“There’s a quote I’ve had written in my scriptures for years that’s helped me through tough times! It says: ‘Jesus’ brief stumbling while carrying the cross is a reminder as to how close to the very edge of our strength God stretches us at times.’ I’ve repeated that quote in my mind more times than I can count while going through this experience.
In the summer of 2018, we were shocked and excited to find out we were expecting identical twins! We weren’t planning on another yet — let alone two! Since this definitely would be the last pregnancy for us, we decided it would be fun to make the ‘twin news’ a surprise for everyone at the hospital. It was our little secret!
I went in for my routine appointment when the doctor told me we were having girls. However, they had Twin to Twin Transfusion Syndrome and my heart immediately sank, thinking the worst.
Twin-twin transfusion syndrome (TTTS) is a rare, serious condition that can occur in pregnancies when identical twins share a placenta. Abnormal blood vessel connections form in the placenta and allow blood to flow unevenly between the babies.
Without a moment to even let that acronym sink in, he told me I needed to ‘prepare’ myself in case I had to get surgery or the possibility of deciding which baby we would want to save if it came down to saving one. I was devastated. He continued to talk in a blur and all I could do was fight that urge to run from the room. I’ve had two previous perfectly healthy pregnancies. In my blind ignorance, I was telling myself this is something that shouldn’t be happening to us.
My husband was working while I was at that appointment so I waited for him to get out on lunch so I could share the news. I sobbed in the car as I told him what the doctor had said. Here is his 2-cents on our experience:
‘I met my wife in the parking lot at the school I was teaching at during lunch. The moment I saw her, I knew it was bad news, but how bad? I honestly was expecting the worst, so with the TTTS news, I was somewhat relieved for a moment but as she explained it, the anxiety soon built. The thought of possibly having to choose one twin to save the other made me sick. By not doing anything, we could lose them both through a form of negligence. It was hard to feel optimistic about the whole situation. From that point and several weeks forward, I didn’t like to bring up our twins and draw attention to them. To a degree, I felt like a coward-of-a-future-father to them. I didn’t like explaining our situation because I didn’t want people to get a read on me and how I felt about it. Sadly, it was just easier for me not to talk about it. I kind of took the ‘ignorance is bliss’ approach by not looking up statistics and other people’s positive and negative stories about TTTS. One of my main worries if this whole thing went south was that my wife would blame herself for the loss of our girls. I would remind her daily this is out of her control, so don’t feel responsible if things don’t turn out the way we planned. I would often have to remind myself the danger our girls are going through is in God’s hands. If they make it, it is because their trial has made them stronger.’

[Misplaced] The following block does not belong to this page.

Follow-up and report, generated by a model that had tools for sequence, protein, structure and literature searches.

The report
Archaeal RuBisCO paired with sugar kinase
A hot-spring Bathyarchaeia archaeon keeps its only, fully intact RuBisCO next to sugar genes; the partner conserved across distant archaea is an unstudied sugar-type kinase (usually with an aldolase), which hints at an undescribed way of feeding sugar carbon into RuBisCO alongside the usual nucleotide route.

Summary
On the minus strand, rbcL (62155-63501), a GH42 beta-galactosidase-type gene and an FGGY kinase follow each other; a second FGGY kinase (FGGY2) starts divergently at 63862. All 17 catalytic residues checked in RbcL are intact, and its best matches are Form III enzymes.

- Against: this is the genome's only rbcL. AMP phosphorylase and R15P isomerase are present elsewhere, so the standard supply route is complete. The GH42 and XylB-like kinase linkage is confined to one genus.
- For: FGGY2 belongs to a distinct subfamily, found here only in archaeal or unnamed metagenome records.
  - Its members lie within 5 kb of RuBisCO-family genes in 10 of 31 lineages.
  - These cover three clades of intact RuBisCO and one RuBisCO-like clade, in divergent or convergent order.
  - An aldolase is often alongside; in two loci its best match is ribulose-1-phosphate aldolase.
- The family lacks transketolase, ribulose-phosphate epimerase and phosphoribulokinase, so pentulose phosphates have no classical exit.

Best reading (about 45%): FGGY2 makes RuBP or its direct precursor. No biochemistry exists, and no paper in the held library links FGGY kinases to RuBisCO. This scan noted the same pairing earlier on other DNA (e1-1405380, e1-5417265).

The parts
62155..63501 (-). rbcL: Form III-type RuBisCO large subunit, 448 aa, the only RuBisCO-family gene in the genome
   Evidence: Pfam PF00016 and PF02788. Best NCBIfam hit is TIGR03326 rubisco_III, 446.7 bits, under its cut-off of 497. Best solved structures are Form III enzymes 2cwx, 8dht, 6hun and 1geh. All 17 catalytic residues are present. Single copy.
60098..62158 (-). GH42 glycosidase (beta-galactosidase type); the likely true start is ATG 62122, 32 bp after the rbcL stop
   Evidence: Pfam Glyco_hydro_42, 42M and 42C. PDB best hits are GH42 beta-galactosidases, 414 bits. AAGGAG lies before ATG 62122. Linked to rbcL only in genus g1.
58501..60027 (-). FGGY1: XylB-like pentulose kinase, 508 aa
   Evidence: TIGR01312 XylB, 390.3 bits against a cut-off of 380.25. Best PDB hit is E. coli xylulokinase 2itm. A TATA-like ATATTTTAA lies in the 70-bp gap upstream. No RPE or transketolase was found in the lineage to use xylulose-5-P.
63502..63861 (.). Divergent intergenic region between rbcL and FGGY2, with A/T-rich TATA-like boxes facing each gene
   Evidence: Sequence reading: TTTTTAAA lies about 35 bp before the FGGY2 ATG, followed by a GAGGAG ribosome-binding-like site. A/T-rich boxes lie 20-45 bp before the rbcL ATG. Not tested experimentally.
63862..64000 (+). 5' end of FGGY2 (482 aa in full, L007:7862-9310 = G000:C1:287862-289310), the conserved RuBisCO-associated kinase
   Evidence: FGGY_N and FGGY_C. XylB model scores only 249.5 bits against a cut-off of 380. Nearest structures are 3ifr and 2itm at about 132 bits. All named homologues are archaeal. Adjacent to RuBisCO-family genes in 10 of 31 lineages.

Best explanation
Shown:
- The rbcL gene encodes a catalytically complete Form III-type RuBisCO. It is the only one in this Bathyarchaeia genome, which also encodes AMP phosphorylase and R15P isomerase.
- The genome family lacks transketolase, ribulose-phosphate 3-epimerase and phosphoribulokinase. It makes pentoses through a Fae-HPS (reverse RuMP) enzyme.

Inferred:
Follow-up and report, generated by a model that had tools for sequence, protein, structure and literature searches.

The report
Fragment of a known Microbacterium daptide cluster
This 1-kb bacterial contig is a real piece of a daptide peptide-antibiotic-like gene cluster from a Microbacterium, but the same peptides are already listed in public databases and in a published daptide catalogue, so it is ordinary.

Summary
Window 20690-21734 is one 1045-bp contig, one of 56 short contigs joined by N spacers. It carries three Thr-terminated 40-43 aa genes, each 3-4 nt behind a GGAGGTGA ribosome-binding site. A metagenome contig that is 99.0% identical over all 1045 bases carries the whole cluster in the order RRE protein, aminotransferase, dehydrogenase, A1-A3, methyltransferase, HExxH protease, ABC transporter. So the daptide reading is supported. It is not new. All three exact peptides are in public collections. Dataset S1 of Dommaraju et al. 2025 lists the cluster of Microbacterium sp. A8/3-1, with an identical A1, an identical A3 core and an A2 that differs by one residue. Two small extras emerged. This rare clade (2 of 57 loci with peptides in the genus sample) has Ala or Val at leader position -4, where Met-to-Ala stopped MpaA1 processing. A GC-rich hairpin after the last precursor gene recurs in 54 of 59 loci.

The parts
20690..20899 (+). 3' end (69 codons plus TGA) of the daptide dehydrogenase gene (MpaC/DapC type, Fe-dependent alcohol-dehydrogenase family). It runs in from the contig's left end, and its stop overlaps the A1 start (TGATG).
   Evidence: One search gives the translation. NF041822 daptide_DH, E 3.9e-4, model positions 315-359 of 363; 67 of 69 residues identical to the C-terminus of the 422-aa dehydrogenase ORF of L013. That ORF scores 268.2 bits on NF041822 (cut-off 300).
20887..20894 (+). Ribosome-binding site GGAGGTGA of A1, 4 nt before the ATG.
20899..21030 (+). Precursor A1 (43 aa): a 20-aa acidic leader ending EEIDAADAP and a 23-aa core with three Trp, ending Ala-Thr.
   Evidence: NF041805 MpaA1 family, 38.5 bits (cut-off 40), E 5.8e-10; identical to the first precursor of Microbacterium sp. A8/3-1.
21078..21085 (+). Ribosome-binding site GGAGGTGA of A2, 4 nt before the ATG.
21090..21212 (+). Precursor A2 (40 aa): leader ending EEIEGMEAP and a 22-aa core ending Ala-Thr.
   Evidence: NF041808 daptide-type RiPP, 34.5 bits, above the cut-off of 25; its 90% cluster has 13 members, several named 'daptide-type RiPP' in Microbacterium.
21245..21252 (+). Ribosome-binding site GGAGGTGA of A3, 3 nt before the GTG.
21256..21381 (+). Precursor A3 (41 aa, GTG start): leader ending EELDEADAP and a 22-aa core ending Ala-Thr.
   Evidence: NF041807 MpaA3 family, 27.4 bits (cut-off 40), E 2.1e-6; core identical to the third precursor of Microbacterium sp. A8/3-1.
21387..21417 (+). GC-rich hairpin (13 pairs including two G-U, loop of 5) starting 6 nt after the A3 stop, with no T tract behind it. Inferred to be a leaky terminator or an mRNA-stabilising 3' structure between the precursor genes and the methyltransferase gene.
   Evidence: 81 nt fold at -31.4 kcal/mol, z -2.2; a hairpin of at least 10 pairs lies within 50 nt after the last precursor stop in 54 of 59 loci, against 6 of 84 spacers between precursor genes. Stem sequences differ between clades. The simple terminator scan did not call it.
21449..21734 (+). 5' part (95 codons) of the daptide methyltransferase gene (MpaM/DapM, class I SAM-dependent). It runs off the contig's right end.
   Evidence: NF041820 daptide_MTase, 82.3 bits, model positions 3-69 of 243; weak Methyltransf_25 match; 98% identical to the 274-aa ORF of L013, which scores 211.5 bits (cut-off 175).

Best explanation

My high-risk doctor’s office became a second home I went in twice a week to check on our girls and weekly to my regular OB. It still hits me as I let myself feel that pain and anxiety again. I spent every moment of every day worrying if they were okay. Was that both of them kicking? Did one fall asleep or was this the moment I’d lose one? Every drive to the doctor was an internal battle of my thoughts, hopes, and fears. All of this mushed together made me feel a little bitter inside towards my Heavenly Father.
‘Am I strong enough as the mother growing these babies we love to endure this? I’ve had to rely on him during trials in my life already so why am I so shamelessly struggling to rely on him now? I’ve prayed more in the past 24 hours than I remember and I know he is here for me, holding out his hand and asking me to trust him. So why is knowing this hard?’